In 692, Justinian II called another council, which later became known as the Council in Trullo or Quinisext Council. His full purpose in doing this seems to be obscure, but the idea seems to have been to draw up a basic guideline for how to enforce Second and Third Constantinople in the Empire. Neither council had given a specific canonical framework for doing so, and Justinian II, wanting a unified Empire as he faced off against the Caliphate, seems to have intended to remedy this. This is seen from the fact that the council seems to have deliberately tried to give a unified framework for canon law.  Not only did the Quinisext Council re-affirm the six ecumenical councils and their canons, it also gave explicit sanction to the canons of several other important councils, such as the Synod of Gangra (340), the Synod of Sardica (343), the Synod of Laodicae (364), and the Third Synod of Carthage (397), and to the decretal letters of a number of important Church Fathers, on top of adding its own canons. Among the canons it added was an explicit insistence that the see of Constantinople should have equal privileges with the see of Rome (canon 36), along with several other canons rejecting Roman customs (canons 13 and 55). Needless to say, Rome firmly rejected the authority of the council, and seems to have been actively angered by the East dumping a large number of new canons into its lap with the assumption that Rome, which had not actually been consulted, and, despite one Western bishop who had pretended to be papal legate, had not been at all represented at the council, would simply rubber-stamp them. Pope St. Sergius I declared the council invalid, condemning it for introducing unwarranted innovations that were then forced on the Church by the emperor. Justinian II did not react well to this, and arrested the handful of Western bishops who had attended Third Constantinople, apparently because they had represented themselves as papal legates despite the pope not knowing anything about them. He also ordered Sergius himself to be arrested, but Sergius many allies even among the Byzantine officials, and resistance to the attempt became violent, only being calmed by Sergius himself. The result, then of Justinian's attempt to create a canonical framework for enforcing the councils up to Third Constantinople was a division in Christendom, not quite a schism but one that generated a large amount of heat; the Trullian canons, including the anti-Roman ones, became the unified canonical framework for the East (often being treated as effectively part of Third Constantinople itself), but a symbol of Imperial oppression in the West.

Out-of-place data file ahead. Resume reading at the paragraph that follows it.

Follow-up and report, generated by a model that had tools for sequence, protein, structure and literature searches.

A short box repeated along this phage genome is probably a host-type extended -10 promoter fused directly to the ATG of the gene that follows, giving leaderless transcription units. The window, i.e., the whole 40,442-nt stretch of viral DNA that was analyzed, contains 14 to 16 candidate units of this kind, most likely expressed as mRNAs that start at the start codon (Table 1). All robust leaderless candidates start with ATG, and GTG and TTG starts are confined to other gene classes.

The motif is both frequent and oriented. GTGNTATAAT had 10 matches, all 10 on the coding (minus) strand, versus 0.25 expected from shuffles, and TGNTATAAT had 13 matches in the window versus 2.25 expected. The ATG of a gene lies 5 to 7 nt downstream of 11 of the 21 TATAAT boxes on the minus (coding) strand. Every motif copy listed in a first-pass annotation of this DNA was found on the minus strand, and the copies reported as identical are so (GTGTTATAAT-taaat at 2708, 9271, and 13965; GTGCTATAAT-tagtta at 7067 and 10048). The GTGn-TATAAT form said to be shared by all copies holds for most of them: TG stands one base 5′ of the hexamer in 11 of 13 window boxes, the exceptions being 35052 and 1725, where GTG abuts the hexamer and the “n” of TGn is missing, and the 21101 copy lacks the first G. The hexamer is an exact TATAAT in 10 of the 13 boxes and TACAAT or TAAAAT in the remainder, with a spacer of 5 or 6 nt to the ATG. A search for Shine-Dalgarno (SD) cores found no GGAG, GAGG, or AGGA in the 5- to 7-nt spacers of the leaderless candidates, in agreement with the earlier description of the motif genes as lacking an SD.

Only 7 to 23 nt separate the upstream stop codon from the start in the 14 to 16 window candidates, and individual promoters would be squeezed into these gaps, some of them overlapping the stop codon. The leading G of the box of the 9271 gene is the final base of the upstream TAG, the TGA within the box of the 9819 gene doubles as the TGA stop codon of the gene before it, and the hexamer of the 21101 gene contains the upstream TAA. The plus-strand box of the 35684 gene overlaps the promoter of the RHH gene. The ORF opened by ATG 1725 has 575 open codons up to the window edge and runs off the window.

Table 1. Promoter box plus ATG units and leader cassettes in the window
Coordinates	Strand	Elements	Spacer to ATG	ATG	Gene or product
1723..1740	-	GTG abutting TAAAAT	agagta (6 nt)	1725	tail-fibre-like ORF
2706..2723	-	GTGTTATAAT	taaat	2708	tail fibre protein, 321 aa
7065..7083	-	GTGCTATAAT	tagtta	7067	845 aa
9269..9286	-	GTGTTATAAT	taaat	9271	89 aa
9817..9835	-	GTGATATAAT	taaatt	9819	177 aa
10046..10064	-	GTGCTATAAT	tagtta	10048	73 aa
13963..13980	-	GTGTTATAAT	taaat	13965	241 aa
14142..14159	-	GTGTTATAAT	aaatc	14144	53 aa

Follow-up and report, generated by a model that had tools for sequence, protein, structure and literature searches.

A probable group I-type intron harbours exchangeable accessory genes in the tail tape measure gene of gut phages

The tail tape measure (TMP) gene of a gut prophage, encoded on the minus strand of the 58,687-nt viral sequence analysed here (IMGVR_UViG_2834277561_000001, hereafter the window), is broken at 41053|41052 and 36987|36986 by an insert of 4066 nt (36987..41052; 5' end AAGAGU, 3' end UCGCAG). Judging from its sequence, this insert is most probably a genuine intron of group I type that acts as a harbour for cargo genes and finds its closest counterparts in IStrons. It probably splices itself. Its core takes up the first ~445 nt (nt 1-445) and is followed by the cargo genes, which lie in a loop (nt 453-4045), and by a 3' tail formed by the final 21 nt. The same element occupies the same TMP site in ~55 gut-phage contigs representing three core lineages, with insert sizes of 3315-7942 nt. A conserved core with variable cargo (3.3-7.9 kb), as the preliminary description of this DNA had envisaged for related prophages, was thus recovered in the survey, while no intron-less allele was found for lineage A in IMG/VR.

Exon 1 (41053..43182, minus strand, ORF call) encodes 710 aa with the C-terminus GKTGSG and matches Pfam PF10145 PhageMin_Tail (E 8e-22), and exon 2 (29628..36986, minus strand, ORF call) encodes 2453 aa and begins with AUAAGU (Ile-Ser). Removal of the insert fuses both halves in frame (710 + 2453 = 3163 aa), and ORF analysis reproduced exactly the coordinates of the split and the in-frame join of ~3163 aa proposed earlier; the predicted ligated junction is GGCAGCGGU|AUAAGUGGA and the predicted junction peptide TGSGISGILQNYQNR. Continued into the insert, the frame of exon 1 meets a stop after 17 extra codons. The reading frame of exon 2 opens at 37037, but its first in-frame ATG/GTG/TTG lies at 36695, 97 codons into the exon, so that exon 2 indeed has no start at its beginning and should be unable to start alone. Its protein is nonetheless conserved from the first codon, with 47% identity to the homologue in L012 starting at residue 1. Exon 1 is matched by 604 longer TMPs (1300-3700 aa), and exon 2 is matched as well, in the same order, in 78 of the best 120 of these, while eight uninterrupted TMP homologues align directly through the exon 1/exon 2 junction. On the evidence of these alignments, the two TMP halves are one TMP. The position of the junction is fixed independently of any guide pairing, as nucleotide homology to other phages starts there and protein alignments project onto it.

The bad blood over the Council in Trullo and Justinian's attempt to arrest Sergius continued over the next several pontificates. Justinian attempted to pressure each new pope to affirm the canons, and each one refused. With John VII, who became pope in 705, the emperor tried a compromise, asking him to call a council to go through the canons and accept the ones that Rome was willing to accept, and freely rejecting any canons that Rome was unwilling to accept, but the pope refused. It's unclear why, although he seems to have been afraid both of opposing the emperor directly and of being seen as even compromising on a topic that by this point had become a common cause of anger throughout the Italian peninsula.